Geneva became a truly international city when it was chosen as one of the official host cities of the United Nations. This decision brought a number of international organisations to the city. At Cointrin, the airport runway was extended to 2km in length. The post-war period also saw an end to the tradition whereby Pilet & Cie’s tenants came to the agency’s office to pay their rent in person.
To cope with a growing population of more than 150,000 inhabitants, the State of Geneva began subsidising the construction of low-rent housing. The "To Rent" signs that had once covered the façades of Geneva's buildings were now becoming increasingly scarce.
Pilet merged with Braschoss, one of whose associates was none other than one Jean-Pierre Renaud. This marked the beginning of a long and fruitful partnership between him and Claude Pilet, and in 1985 the agency took its current name.
In Geneva, the financial sector was thriving, with wealth management flourishing in particular. The city became the number-one banking centre in Switzerland in terms of total funds managed.
Claude Pilet and Jean-Pierre Renaud turned their business into a public limited company and began working with Stéphane Barbier-Mueller, who would take the reins at the agency and bring new impetus to it. At this point, the agency had 30 staff and 68 million tenancies on its books.
Pilet & Renaud celebrated its 125th birthday with a prize draw allowing one of its tenants to win 125 days rent-free.
Pilet & Renaud moved offices but stayed in the banking district, where it had been operating since 1872. The agency’s new building was constructed in 1873 on the banks of the Rhône, at the intersection of the Boulevard Georges-Favon and the Quai de la Poste. A major renovation programme masterminded by the agency saw two new floors added to the building. This upward extension was one of the first of its kind in Geneva and attracted widespread acclaim for its architectural prowess; it has since served as a model for a number of other buildings in the city.
To celebrate its 130th birthday in style, the agency closed for two days – Monday and Tuesday – and took its staff to Expo.02.
Pilet & Renaud joined with 10 other like-minded agencies in French-speaking Switzerland to form “Courtiers Partenaires”. This powerful network granted clients access to an even greater number of properties and property seekers across the Lake Geneva region.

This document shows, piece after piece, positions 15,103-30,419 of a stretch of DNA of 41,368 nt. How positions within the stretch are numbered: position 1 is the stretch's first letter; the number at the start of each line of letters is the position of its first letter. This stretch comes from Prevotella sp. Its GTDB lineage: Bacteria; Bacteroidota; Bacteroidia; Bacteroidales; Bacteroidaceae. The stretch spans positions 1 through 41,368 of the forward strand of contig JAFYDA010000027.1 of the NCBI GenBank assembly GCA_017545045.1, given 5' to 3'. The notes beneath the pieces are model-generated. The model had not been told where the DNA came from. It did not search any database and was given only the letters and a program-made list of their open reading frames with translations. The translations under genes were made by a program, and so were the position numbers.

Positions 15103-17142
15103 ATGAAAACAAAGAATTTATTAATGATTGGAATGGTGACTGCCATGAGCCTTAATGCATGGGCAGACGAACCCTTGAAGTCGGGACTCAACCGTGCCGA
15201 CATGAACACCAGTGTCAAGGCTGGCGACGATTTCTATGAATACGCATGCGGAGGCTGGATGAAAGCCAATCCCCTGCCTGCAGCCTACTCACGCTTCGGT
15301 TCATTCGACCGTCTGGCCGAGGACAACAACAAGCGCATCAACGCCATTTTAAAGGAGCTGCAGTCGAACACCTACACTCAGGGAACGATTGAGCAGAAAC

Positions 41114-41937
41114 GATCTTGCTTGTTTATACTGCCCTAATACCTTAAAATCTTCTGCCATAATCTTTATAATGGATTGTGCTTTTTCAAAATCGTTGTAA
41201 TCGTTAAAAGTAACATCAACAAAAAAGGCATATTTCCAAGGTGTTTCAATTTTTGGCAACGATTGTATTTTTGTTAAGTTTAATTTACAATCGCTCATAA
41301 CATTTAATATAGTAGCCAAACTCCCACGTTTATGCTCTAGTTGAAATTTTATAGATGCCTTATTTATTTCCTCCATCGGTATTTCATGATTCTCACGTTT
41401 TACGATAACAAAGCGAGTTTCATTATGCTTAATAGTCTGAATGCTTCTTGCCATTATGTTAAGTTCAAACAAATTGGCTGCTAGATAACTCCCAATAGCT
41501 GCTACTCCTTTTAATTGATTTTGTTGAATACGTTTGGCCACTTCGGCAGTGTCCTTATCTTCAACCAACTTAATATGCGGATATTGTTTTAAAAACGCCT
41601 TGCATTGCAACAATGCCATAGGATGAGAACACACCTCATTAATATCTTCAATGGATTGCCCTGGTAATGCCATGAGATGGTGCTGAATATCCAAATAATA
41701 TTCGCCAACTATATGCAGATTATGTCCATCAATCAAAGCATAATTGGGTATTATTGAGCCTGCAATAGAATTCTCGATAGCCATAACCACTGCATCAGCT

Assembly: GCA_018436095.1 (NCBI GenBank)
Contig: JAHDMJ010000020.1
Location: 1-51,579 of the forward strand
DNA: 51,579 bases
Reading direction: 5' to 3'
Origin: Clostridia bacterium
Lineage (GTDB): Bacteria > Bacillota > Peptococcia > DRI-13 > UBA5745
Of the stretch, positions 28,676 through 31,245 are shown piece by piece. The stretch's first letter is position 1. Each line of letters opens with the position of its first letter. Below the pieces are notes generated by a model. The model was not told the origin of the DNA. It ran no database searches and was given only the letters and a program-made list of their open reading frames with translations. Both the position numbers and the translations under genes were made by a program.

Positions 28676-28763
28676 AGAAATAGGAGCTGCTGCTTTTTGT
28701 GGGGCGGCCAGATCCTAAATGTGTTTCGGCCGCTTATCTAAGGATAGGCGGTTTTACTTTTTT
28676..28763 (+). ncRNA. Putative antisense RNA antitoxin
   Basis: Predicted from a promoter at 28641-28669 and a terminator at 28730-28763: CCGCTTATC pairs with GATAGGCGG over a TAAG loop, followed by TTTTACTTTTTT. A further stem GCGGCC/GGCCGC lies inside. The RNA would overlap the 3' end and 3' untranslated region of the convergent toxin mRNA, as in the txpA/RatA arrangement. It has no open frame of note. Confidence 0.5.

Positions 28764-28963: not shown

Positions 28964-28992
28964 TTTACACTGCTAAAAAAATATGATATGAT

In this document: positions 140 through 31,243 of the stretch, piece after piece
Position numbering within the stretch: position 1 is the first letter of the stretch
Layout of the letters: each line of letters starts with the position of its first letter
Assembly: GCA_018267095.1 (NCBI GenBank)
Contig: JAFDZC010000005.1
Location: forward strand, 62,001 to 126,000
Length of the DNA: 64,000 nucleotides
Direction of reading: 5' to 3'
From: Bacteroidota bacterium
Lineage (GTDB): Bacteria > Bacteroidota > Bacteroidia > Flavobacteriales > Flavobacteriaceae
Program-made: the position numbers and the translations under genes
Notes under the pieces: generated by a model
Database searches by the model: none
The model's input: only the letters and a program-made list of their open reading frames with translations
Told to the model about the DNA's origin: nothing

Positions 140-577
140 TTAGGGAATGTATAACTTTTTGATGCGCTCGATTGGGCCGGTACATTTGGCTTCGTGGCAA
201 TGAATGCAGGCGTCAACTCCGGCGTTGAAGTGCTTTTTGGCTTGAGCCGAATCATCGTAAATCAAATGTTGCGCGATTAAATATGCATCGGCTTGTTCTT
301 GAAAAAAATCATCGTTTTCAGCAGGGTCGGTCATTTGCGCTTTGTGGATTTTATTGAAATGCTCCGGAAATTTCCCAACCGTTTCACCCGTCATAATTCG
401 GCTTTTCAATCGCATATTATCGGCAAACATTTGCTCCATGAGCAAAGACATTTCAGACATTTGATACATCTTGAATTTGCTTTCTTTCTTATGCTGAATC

In late May 2003, as the G8 met in Evian, violent protests turned Geneva upside down, and this had a number of consequences on the political scene. The city experienced several days of acute tension, punctuated by clashes between rioters and police. Members of the 'black blocs' mounted a surprise raid on the city centre, smashing unprotected shop windows, and the days that followed were marked by further clashes with the police. Several premises also fell victim to looting, including those of Pilet & Renaud
Pierre-Henri Schild joined Pilet & Renaud as associate and director. He and Stéphane Barbier-Mueller would be in charge of the agency’s construction project management arm.
Pilet & Renaud took the innovative step of launching the first smartphone widget dedicated to real estate. This forerunner to modern-day apps could alert users when a property matching their search criteria became available.
The company continued to grow with the acquisition of Forum Immobilier and l’Immobilière des Quais, keeping on almost all the three companies' employees. Over the course of the year, the company, which was in the process of modernising its management methods and digitising its tools, took its rental stock to over 3 million.
Pilet & Renaud published a new edition of a short guide illustrated by Pécub to give to its tenants offering basic advice on ways to reduce their monthly costs while improving their well-being.
As of 1st July, the three entities share a single corporate name: Pilet & Renaud SA. The fourth largest in Geneva, it is active in construction project management, brokering and real estate management, with nearly 100 employees and managing tenancies worth more than CHF280 million. Pilet & Renaud takes pride in its history and has maintained its family-run feel. It recently adopted its new tagline: «Gestionnaires de patrimoine immobilier».
Pilet & Renaud Transactions was founded, with real estate brokering as its specific focus. It is a select partner for any real estate transaction, whether you're buying an apartment, a house, a luxury home or an investment property. Its specialist brokers offer discretion, understanding and tailored advice.
In an innovative new project, Pilet & Renaud produces a show about real estate called 'Chambres à part' ('Separate Rooms') at the Théâtre des Salons. Written by Pierre Naftule and Thierry Meury, directed by Pierre Naftule and starring Marie-Thérèse Porchet and a cast of professional actors and Pilet & Renaud staff, 1800 guests saw the play during its 12-night run.